Photo Credit: Jessica L. Fritz

Every winter when the shop is closed, Gilbert travels to South America and Latin America to meet the farmers that grow the cocoa pods, harvest the beans, and ultimately allow those of us living in developed nations to satisfy our sweet tooth. However, similar to coffee production, those farmers are seeing the least of the profits and many lead a hard life. Gilbert’s mission is to involve them in the chocolate-making process to a further degree by actually teaching them how to make their very own chocolate out of the beans they harvest. It is a give and take—while they teach him how to take care of the trees and harvest the pods, he repays the favour by offering his knowledge on everything from fermenting (I had no idea!) to drying, husking, and grinding cocoa beans. And voilà—chocolate that’s ready for sale and enjoyment.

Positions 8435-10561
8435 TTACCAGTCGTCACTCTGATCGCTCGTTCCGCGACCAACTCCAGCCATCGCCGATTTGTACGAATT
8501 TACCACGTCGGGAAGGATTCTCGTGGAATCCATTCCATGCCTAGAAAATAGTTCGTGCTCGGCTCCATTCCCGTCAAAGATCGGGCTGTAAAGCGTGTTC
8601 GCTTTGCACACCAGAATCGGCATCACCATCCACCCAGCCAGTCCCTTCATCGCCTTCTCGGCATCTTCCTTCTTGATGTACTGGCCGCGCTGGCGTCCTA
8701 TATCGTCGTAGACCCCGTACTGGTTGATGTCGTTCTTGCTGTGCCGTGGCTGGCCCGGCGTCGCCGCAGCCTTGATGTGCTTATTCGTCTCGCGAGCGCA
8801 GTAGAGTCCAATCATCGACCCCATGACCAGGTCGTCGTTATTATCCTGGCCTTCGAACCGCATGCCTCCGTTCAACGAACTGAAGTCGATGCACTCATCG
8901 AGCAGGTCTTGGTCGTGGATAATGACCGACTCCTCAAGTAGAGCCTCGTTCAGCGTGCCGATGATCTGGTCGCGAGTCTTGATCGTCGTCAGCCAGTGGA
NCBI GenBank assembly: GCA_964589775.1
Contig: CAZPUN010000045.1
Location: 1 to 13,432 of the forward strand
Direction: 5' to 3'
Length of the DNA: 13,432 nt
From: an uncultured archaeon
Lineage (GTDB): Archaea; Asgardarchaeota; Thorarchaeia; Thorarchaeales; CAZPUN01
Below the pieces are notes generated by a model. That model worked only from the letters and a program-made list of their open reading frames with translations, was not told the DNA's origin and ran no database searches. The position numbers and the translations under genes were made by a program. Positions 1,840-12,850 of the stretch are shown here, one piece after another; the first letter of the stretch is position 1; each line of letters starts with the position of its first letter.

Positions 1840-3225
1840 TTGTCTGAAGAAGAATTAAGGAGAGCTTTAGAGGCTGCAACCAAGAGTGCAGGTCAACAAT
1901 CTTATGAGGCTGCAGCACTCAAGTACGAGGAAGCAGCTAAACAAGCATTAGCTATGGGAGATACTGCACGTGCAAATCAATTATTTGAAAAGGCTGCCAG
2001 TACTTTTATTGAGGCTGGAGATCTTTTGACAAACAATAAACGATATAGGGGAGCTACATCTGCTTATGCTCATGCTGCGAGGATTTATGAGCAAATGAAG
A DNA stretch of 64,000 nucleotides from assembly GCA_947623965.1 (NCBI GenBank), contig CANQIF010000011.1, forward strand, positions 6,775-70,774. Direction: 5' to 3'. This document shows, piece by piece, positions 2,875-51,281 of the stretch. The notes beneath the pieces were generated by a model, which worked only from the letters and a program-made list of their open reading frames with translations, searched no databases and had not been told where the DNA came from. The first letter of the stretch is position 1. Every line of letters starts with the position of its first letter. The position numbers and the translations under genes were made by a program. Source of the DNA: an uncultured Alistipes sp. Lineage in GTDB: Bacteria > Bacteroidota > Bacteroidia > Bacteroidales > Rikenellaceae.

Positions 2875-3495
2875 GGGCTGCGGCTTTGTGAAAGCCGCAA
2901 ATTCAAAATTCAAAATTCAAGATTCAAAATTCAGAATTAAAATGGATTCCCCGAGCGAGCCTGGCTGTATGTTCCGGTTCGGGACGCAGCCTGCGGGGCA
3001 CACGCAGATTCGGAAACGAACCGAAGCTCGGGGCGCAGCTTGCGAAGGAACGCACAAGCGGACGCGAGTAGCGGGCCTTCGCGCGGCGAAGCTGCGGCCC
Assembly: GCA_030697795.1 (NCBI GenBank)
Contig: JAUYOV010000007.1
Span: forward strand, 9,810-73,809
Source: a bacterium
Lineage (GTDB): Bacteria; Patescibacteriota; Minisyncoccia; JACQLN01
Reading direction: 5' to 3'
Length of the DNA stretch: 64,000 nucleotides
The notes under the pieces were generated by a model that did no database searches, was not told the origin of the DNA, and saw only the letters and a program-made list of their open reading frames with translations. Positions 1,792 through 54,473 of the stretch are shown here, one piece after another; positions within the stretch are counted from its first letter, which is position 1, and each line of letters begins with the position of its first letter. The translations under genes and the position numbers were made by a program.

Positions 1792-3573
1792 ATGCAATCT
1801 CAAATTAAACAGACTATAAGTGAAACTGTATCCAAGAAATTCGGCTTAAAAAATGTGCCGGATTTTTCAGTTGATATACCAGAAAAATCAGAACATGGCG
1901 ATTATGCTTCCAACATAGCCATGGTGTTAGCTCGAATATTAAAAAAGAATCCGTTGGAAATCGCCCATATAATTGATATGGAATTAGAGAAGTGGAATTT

Working in partnership with these cocoa farmers, Gilbert can be assured he’s bringing back the best quality product in the form of 100% cocoa bean bricks. These bricks will serve as the foundation for the creative chocolatiering process to start in the back of their PEI shop. Don’t be fooled by the old-fashioned appearance and charming ambience of the shop: in the back is a super-insulated and climate-controlled room suited to making the most exquisite chocolate creations possible.

Eric Gilbert works with cocoa farmers to ensure a fair trade of knowledge and skills.// Submitted photo

And quality doesn’t stop there. Island Chocolates’ creations contain local ingredients from folks with a similar, quality-driven mindset. There is a brewery edition of chocolates infused with beers from Barnone, Upstreet Craft Brewing and PEI Brewing Company; Rossignol’s, Matos’ and Newman’s wines are featured in some of the ganaches; peppers from the makers of Maritime Madness Hot Sauce are to be found in pralines with a hint of spice; and the summer fruit fillings are grown by Eric and Emma’s brother, Miles. Some of the Choc-Tails will be prepared with various Deep Roots’ liqueurs.